We have talked over here about many headwinds like slow growth, inflation and European crisis. My prediction number one for this year is that though we had a good start this year, we will face similar or equal challenges what we did last year. Value investors should focus on the things that can impact value of any companies and growth prospects (in its value) while picking up few bargains.

The biggest challenge any investor faces today is to identify any rubbish within their portfolio. Once they do, it is in their interest to get rid off those investments before they damage further your returns.

Recently, after talking to few high net worth investors and institutions I have witnessed people throwing their towel completely from investing in equities after witnessing climatic events and are simply fed up with poor medium term performance and increased volatility.

Nifty 50 has given a return of 27% in last five years and BSE 200 has given returns of 24%. Nifty 50 and BSE 200 also contain rubbish stocks so it is no wonder index has given such pathetic returns. step one is to clean up the portfolio which are rated C1,C2, C3, C4, B3 and B4 and step two is to be ready to buy in quality stocks (A1, A2 and B1) when bargain exists.

This is just one of the many framework and scenario I am operating with and I wonder how long this heightened volatility and poor index performance will transpire. Will investors really exit from equities and will believe in all those advisors offering their own brand of ‘safe’, ‘secure’ and stable investments? On the one hand, I hope so. It would mean certain bargain.

Here is my warning to you all who are looking to give up investing in equities. The time to invest in shares and make good returns is precisely when everyone else isn’t.

The life time opportunity which comes very rare (maybe 2-4 times) to own quality stocks at very cheap price should not be swayed for 20-30% returns and expecting to buy them back when they fall down in future.

If price do fall further – and they could – you need to get ready and will need that extra cash to capitalise on that opportunity. It is not necessary that price will fall to previous lows that were experienced earlier, but the best framework to operate in such conditions is to hold your best buy and liquidate that asset which is not performing and invest them when opportunity emerges to buy quality stocks more.

Rule one: Don’t loose money

The key to slowly and successfully build a portfolio in equities is to avoid loosing money permanently. Sure, good companies will see their price swing but poor companies will see downswing more frequently.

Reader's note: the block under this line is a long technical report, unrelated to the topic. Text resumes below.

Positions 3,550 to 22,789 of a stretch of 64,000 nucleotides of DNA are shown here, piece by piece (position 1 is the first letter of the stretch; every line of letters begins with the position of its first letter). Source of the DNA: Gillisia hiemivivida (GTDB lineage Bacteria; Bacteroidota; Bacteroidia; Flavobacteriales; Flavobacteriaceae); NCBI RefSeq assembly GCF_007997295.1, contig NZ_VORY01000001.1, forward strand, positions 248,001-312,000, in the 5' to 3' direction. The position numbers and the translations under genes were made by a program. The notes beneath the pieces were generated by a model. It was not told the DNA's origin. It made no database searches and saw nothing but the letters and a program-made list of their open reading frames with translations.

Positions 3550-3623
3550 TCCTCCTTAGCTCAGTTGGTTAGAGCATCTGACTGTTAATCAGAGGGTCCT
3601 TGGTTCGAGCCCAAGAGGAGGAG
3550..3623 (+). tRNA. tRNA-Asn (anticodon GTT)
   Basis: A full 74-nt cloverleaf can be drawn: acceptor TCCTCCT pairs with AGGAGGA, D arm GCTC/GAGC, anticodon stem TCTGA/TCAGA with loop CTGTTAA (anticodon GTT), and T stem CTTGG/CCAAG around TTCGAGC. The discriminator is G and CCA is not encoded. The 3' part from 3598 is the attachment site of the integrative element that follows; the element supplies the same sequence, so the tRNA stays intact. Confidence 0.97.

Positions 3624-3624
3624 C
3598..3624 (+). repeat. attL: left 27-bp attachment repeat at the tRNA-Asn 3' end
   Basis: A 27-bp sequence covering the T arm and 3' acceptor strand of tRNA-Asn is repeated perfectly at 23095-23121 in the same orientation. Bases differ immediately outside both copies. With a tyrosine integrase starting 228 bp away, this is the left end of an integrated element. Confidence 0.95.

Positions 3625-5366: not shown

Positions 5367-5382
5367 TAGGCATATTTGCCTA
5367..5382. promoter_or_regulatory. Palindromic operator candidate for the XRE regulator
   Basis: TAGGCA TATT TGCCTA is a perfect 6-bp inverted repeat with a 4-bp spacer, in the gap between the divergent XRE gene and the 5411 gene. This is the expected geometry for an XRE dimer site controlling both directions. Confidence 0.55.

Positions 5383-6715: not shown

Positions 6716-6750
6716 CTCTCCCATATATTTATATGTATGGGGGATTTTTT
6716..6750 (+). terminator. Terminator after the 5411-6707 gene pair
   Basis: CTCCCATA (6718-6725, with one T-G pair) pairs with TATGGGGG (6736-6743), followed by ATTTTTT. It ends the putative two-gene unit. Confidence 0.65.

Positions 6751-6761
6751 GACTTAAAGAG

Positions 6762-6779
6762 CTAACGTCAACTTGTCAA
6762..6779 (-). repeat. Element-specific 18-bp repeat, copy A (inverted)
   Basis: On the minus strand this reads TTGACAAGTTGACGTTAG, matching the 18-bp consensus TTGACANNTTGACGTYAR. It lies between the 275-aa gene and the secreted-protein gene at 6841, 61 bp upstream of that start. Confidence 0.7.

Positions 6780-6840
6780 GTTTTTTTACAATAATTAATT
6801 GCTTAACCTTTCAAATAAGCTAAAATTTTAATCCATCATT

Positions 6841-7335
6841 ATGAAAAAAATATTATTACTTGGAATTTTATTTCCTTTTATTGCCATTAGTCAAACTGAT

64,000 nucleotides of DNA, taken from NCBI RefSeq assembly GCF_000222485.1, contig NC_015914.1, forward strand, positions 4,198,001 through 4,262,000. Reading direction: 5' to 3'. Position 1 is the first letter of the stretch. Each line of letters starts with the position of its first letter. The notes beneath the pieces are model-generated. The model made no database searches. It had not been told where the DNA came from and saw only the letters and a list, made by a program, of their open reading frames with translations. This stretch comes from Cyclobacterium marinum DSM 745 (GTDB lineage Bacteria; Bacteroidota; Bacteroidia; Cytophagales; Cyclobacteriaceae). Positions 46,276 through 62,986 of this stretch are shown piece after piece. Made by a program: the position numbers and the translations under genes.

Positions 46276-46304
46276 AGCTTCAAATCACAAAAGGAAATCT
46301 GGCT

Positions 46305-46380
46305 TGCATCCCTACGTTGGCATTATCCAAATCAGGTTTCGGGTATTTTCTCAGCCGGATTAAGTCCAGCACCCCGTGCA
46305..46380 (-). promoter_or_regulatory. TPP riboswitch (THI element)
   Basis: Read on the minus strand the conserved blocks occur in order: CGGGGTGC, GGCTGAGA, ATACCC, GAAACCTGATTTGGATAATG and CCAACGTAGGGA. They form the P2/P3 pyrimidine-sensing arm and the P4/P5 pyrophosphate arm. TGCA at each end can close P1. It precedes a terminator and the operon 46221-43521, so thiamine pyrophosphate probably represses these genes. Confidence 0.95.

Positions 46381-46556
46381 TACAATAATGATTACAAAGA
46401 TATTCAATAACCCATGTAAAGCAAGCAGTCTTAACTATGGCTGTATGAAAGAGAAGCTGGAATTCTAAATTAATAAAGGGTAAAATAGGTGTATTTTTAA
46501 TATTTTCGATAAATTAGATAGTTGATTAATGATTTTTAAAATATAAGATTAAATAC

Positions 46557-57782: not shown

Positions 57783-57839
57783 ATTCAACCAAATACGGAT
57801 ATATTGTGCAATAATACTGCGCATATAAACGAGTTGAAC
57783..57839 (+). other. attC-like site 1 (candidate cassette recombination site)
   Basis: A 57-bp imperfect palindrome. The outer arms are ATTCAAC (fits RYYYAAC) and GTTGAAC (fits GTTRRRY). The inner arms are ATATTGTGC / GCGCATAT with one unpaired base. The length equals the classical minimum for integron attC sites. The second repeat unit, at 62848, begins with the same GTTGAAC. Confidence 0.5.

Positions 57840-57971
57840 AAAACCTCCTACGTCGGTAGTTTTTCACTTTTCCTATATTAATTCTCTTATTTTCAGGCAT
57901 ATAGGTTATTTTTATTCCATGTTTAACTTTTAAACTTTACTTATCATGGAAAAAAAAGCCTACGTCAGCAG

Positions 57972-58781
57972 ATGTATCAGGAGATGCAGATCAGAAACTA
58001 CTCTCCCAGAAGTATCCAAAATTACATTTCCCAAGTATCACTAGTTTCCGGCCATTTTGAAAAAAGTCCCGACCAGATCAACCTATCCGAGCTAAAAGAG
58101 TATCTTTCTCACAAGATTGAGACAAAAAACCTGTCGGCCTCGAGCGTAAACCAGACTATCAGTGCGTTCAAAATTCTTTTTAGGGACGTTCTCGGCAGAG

So the easiest way to avoid loosing money is not to buy weak or expensive companies. I have avoided loosing money in my private fund by applying value investing rules that I shared with you all in my previous post.

I have seen many companies on a face value of growing revenues and earnings make large and expensive acquisitions and undertake different projects that are followed by write-downs in couple of years. Write-downs are an admission of a company that they paid too much for an Asset.

When too much is paid for acquisition, or the projects to grow businesses are undertaken, equities go up but profits do not and you can see that in the ratio that I have worked so hard to make popular, return on equity (ROE), is low.

If you look in the market you will find plenty of companies with lower returns compare to even what bank is offering on deposits which have much lower risk. Over time, if these resultant lower returns do not improve, it suggests the price company paid for acquisition was in upper circuit and business equity valuations should be questioned now. If you ask me for the examples of companies in such scenario where they are facing issues to sustain their returns then Reliance Industries and Bharti Airtel are few to name.

When return on equity is very low it suggests the business assets are overvalued on the Balance Sheet. That in turn suggests, the company has not amortised, written down or depreciated its assets fast enough. That means the past historical profits that company announced could be overstated.

These sorts of companies with low returns tend to have a very low- quality score (A3, A4, B3, B4, C1, C2, C3 and C4) by Value operations and also their performance is subdued.

If your portfolio has any shares with such characteristics then you could be at risk because these companies might be very expensive compare to its intrinsic values.

Time is not a friend of poor company. And companies that are rated by Value operations as C4 and C3 are best to avoid if you want best chance to avoid permanent losses. Take a look at the companies in your portfolio; have they issued lots of shares to make acquisition? Are they producing low and single digit returns on their equity? If the answer is yes then you might own ‘C’ Quality Company.

Cleaning up your portfolio not only lowers its risk but will produce cash that may just prove handy in coming months.

Now here is the offer from Value Operations, apart from NBFC and financial stocks, list down 5 companies of which you want to know the quality score in comments below and we will share them all together next week.